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Why blue light from smartphones speeds up blindness

Prolonged exposure triggers poisonous molecules in eye

Harriet Agerholm
Friday 10 August 2018 09:42 BST
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'We hope this leads to therapies that slow macular degeneration, such as a new kind of eye drop,' says assistant professor at university
'We hope this leads to therapies that slow macular degeneration, such as a new kind of eye drop,' says assistant professor at university (JEFF PACHOUD/AFP/Getty Images)

Scientists have discovered how blue light from screens on devices such as laptops and smartphones causes blindness, they say.

Prolonged exposure to the short-wavelength light triggers toxic molecules to be generated in the eye's light-sensitive cells that causes macular degeneration, a condition which may result in blurred or no vision in the centre of the visual field, according to research by the University of Toledo in the state of Ohio in the US.

Dr Ajith Karunarathne, an assistant professor in the university's Department of Chemistry and Biochemistry, said: "We are being exposed to blue light continuously and the eye's cornea and lens cannot block or reflect it.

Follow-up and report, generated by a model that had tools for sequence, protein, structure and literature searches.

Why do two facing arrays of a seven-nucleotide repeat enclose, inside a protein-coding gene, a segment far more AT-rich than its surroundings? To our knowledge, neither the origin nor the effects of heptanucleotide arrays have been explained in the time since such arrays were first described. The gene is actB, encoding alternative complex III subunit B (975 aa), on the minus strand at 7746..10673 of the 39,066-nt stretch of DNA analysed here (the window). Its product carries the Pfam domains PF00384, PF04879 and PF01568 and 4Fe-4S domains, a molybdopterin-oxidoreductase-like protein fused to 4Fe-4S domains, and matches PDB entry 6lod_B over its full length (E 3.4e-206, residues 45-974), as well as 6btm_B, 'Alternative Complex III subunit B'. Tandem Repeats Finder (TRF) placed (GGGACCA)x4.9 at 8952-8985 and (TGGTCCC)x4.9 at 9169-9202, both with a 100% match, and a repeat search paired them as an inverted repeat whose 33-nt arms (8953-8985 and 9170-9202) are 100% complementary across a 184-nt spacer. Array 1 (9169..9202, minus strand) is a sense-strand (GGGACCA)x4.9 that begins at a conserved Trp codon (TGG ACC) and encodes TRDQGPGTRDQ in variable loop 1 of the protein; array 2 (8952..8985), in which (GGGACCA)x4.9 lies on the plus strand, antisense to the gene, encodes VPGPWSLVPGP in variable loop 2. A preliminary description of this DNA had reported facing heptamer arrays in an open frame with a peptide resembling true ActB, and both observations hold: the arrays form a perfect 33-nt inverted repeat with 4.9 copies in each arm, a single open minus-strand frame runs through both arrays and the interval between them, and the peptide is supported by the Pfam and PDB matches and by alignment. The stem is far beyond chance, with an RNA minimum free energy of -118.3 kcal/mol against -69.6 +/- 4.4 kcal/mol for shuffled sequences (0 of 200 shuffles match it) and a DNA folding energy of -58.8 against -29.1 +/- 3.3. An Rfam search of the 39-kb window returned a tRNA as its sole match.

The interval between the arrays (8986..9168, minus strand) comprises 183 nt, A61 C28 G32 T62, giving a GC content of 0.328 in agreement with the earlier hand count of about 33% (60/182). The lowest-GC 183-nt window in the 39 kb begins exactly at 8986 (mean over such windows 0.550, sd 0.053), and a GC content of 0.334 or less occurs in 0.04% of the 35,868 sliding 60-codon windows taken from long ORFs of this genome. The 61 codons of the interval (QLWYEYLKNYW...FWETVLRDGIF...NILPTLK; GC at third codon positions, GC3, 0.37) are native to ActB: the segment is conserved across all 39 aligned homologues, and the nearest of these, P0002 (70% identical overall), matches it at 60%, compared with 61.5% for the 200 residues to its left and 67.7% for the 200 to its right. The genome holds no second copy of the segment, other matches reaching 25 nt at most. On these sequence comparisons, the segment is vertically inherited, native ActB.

"It's no secret that blue light harms our vision by damaging the eye's retina.

"Our experiments explain how this happens, and we hope this leads to therapies that slow macular degeneration, such as a new kind of eye drop."

Macular degeneration is an age-related condition that is common among people in their 50s and older.

Although it does not cause total blindness, it can make everyday activities such as reading and recognising faces difficult.

The condition is caused by the death of light sensitive cells in the retina. These cells need molecules called retinal, a form of vitamin E, to sense light and trigger signalling to the brain, enabling people to see.

But exposure blue light causes retinal to set a chain of reactions that leads to poisonous chemical molecules to be created in the light receptive cells, the research published in the journal Scientific Reports found.

Kasun Ratnayake, a PhD student at the University of Toledo who was involved in the study, said: "If you shine blue light on retinal, the retinal kills photoreceptor cells as the signalling molecule on the membrane dissolves.

"Photoreceptor cells do not regenerate in the eye. When they're dead, they're dead for good."

The scientists found that a molecule called alpha tocopherol, a natural antioxidant found in the eye and body, stops the cells from dying but fails to offer any protection to the ageing population or those whose immune systems have been suppressed.

Dr Karunarathne said: "That is when the real damage occurs."

For those wanting to protect their eyes from blue light, Dr Karunarathne advises wearing sunglasses that can filter both UV and blue light outside and avoiding browsing on mobile phones or tablets in the dark.

Additional reporting by Press Association

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